• JULY 2014 A PRINCIPLED TECHNOLOGIES TEST REPORT Commissioned by Dell Inc. DELL POWEREDGE M820 BLADES: BALANCING PERFORMANCE, DENSITY, AND HIGH AVAILABILITY There is much to consider when selecting servers for your datacenter. That you want high workload performance is a given, but it’s also critical that your server incorporates reliability, availability, and serviceability (RAS) features to keep mission- critical workloads running. From a business standpoint, you want to make the most of your space and keep costs down by choosing a high-density server solution. Not all servers are built to address these concerns simultaneously, so finding one that does is key. In the Principled Technologies test labs, we looked at what the following two servers had to offer: a Dell PowerEdge M820 blade running Intel® Xeon® processors E5- 4600 v2, and an HP ProLiant BL680c G7 with Intel Xeon processors E7-4800. We found that the single-width Dell PowerEdge M820 had 19.3 percent better Oracle Database 12c performance than the double-width HP ProLiant BL680c G7 and consumed just half the blade chassis space. This means that you could fit 19.3 percent more performance in half the space or 2.38 times the performance in the same space with the Dell PowerEdge M820 due to its denser form factor. This can reduce your data center costs dramatically—by as much as 42.1 percent. When comparing RAS features, we found that the Dell PowerEdge M820 also incorporates most of the RAS features that the Intel Xeon E7 family provides, making it a good balance of performance, density, and high availability.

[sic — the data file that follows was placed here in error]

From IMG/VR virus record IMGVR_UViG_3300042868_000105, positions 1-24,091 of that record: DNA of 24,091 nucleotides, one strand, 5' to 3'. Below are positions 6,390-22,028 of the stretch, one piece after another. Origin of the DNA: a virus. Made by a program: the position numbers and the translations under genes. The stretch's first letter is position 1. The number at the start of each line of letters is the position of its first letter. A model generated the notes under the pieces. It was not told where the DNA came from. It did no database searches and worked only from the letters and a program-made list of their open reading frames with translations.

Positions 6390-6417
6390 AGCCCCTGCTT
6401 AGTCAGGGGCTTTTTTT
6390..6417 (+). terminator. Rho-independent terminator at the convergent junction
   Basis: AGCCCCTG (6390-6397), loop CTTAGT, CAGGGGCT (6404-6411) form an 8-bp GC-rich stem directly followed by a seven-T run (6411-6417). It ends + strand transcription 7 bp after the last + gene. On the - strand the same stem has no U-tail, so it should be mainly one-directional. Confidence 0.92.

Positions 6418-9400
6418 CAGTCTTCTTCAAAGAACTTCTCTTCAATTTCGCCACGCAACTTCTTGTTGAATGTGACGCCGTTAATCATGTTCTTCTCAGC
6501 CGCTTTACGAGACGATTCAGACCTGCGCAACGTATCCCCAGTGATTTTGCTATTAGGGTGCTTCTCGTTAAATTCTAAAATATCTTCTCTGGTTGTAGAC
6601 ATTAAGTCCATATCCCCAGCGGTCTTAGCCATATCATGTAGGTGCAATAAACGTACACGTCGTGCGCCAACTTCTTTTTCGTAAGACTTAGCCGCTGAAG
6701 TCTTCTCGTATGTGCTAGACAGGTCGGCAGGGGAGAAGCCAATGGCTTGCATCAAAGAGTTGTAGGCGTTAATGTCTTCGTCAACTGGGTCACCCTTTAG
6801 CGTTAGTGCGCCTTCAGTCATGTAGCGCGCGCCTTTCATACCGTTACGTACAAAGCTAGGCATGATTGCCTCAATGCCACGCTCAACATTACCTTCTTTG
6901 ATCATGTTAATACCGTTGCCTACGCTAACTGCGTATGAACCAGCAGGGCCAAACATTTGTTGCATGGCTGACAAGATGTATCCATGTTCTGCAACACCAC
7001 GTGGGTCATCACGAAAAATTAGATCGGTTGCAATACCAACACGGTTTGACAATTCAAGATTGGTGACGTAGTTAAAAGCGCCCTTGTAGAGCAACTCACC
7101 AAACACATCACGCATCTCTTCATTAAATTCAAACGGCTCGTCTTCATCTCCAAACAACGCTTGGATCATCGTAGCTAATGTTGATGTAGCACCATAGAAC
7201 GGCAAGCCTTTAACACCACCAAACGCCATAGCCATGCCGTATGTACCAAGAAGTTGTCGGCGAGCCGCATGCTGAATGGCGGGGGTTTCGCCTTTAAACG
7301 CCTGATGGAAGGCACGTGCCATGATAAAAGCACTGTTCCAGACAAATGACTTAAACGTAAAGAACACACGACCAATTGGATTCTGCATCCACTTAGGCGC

• A Principled Technologies test report 2Dell PowerEdge M820 blades: Balancing performance, density, and high availability THE VALUE OF DENSITY WITH DELL POWEREDGE M820 Dense solutions enable you to get the most out of your resources. By fitting as much processing power as possible in the least amount of space, you can:  reduce management overhead  lower power and cooling costs  save physical space and related rental costs  reduce infrastructure costs such as chassis and cabling  reduce software licensing costs Blade servers are the go-to form factor to increase density without sacrificing performance or RAS features. Why not make the most of your density solution by selecting a blade that does more work in half the space? In this study, we explore the value the single-height Dell PowerEdge M820 blade powered by Intel Xeon processors E5-4600 v2 can provide your business. For information about the server and our benchmark, see Appendix A. See Appendix B for detailed system configuration information and Appendix C for our step- by-step testing procedure. MORE THAN DOUBLE YOUR PERFORMANCE PER U Figure 1 shows the head-to-head relative performance results of our database tests, where we tested one server against the other. As the chart shows, the Dell PowerEdge M820 had 19.3 percent better Oracle Database 12c performance than the HP ProLiant BL680c G7. Figure 1: The Dell PowerEdge M820 delivered 19.3 percent more transactions per second than the HP ProLiant BL680c G7, and fit into half the space. 1.19 1 0 0.2 0.4 0.6 0.8 1 1.2 1.4 Dell PowerEdge M820 HP ProLiant BL680c G7 Relativeperformance Database performance The compact form factor of the Dell PowerEdge M820 means that you can 19.3 percent more performance in half the space with the Dell PowerEdge M820, as Figure 1